CSG approves resolution making Election Day an academic holiday

Nicco Beltramo speaks on behalf of Student Organization Funding Commission at the CSG meeting at the CGS Chambers on Tuesday.

Nicco Beltramo speaks on behalf of Student Organization Funding Commission at the CSG meeting at the CGS Chambers on Tuesday. Buy this photo
Julia Lawson/Daily

 

Tuesday, March 7, 2017 - 11:20pm

A resolution to support an academic holiday on Election Day for 2020 and all even-numbered years after that passed during Tuesday night’s Central Student Government meeting with 30 in favor, five opposed and none abstaining. The resolution faced pushback from some representatives, who said the resolution only featured the views of students in CSG and wasn’t reflective of the student body in general.

While introducing the resolution, Engineering freshman Mario Galindez, a member of the Engineering Student Government, talked about how voter turnout has historically been much lower in student-populated areas as compared to more residential, non-student populations.

He also mentioned how long lines, especially in areas like the Michigan Union, were caused by the lack of student and faculty volunteers who could have aided the process. These individuals could have helped, however, if they had the day off.

“This University has a comprehensive history of civic engagement, but this dedication of citizenship is dependent on how the University prioritizes students’ ability to vote and participate in our democracy,” Galindez said. “As it stands, the University of Michigan discourages students from voting by prioritizing class over civic duty and dis-incentivizing students from working the polls.”

Engineering senior A.J. Ashman, co-author of the resolution advocating for the holiday, echoed this statement, adding it was unfair for the administration to force students to make difficult decisions about their civic engagement and education.

“Students are residents of Ann Arbor; they have the right to have their voices heard,” he said. “It’s borderline morally unjustifiable to have a system where students have to choose between going to class, getting their education and being involved in the decision of their country’s state of power.”

Rackham Rep. Andy Snow was skeptical of the idea, saying he talked to constituents and they were not very receptive to the idea because a holiday on Election Day would result in the loss of Fall Break, or at least a part of it.

“Have you actually asked students specifically if they prefer this to Fall Break?” he said to the body. “Because I actually went out … I did not get good responses. I was really hoping to see numbers (of students approving the holiday) this week.”

After hearing this, Ashman responded, saying it was very likely Fall Break wouldn’t occur anyway in the 2020 school year, because of a low number of school days.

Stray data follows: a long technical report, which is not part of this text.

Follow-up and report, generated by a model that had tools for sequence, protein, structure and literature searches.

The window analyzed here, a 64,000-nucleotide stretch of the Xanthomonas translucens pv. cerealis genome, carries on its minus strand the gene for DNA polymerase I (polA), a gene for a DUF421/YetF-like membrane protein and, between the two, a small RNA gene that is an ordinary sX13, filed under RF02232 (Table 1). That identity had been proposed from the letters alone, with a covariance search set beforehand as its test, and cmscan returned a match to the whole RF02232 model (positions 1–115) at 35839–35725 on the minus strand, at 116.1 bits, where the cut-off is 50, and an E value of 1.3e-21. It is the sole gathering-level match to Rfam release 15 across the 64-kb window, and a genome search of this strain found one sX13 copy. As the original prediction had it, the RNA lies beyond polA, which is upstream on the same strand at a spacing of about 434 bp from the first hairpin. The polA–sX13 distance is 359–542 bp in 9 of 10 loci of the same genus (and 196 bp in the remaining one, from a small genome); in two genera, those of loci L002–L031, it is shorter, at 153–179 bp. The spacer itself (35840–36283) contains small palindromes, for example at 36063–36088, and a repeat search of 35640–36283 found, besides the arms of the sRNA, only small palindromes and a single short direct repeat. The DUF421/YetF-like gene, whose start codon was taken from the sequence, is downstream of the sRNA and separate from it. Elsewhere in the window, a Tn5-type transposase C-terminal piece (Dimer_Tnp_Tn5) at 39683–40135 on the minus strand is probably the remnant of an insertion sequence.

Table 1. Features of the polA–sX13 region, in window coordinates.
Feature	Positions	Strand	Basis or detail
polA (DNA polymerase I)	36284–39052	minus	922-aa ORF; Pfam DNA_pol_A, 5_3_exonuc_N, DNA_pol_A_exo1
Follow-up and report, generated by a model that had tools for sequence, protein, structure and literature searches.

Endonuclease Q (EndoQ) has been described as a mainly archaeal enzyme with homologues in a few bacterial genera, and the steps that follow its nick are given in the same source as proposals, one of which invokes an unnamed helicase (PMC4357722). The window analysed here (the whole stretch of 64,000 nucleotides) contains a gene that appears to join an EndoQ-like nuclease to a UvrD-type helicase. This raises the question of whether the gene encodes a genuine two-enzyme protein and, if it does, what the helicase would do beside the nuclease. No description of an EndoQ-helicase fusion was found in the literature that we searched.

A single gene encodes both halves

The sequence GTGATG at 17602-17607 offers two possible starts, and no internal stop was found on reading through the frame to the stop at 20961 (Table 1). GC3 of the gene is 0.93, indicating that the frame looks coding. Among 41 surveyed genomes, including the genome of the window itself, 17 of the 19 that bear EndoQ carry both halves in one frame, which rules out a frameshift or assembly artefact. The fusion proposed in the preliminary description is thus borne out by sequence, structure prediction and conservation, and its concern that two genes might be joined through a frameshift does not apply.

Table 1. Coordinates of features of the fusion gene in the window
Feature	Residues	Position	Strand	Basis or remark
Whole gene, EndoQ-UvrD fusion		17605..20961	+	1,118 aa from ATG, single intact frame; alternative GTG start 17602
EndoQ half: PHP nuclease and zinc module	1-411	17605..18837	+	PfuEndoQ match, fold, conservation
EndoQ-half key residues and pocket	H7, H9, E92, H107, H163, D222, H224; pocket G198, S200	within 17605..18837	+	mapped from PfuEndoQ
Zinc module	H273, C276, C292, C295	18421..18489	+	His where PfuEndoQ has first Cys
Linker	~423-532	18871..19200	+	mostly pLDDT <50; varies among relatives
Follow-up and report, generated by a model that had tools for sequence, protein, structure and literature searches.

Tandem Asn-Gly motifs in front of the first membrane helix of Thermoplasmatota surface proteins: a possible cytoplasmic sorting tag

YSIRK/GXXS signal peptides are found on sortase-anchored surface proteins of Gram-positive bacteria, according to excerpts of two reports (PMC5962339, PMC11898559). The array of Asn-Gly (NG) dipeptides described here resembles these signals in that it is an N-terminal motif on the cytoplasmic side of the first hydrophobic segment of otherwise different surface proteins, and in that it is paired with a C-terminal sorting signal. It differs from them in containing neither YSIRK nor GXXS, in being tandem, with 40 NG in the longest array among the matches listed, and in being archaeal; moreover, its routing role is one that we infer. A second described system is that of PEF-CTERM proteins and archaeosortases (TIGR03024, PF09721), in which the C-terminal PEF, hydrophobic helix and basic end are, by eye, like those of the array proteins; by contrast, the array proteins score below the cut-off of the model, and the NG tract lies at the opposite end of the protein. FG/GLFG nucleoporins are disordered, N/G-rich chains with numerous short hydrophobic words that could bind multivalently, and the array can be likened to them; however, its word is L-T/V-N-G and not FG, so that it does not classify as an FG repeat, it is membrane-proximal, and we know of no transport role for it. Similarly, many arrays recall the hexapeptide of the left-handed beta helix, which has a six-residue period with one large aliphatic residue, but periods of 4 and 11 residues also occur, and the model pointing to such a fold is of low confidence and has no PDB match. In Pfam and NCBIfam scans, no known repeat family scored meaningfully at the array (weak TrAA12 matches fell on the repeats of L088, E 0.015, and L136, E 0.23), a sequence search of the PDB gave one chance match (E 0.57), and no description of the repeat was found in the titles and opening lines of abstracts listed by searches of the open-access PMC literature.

“Fall Break’s pretty much dead anyway,” he explained. “In 2020, we have to get … re-accredited, and so you have to have 70 days per semester, and we currently only have 66 in our fall semester, so they were going to have to find four days anyway. The registrar being able to give us this one day off was a pretty nice thing on their part, we got something out of the deal. That is a compromise … we are pretty pleased to get Election Day off when we are supposed to get none of those days off.”

Snow still disagreed with the resolution, saying it was entirely possible for students to find a way to vote given the 13-hour time frame that the polls are open. He also emphasized that students should be more concerned about how Fall Break is being taken away.

“So unless you’re literally telling me that most students have class for 13 straight hours on a Tuesday, this is not fixing anything,” Snow said. “I’m really concerned about this dropping of Fall Break. That was something student government fought for specifically so we could study for midterms. As students, we should be doing something completely different and fighting to keep a level of study time before midterms in the fall, because that directly helps our academics. It’s your job, like any other citizen on Election Day, to find a one- or two-hour period and go vote.”

Art & Design senior Abby Zrike brought up a predicament many students faced on Election Day: long, back-to-back classes in a part of campus that was different from their voting precinct and lines that made voting almost impossible.

“I’m in the art school and our classes are like three hours long and I’m up on North so they’re all in a row,” she explained. “On voting day, I was in a situation where I only had an hour to vote … if I actually had to stand in (the longer) line, I wouldn’t have been able to vote. And if you miss three classes in the art school, you fail, so I appreciate you saying that we should just miss class but that doesn’t work for everyone. I almost wasn’t able to vote because of class, so I think this is really relevant.”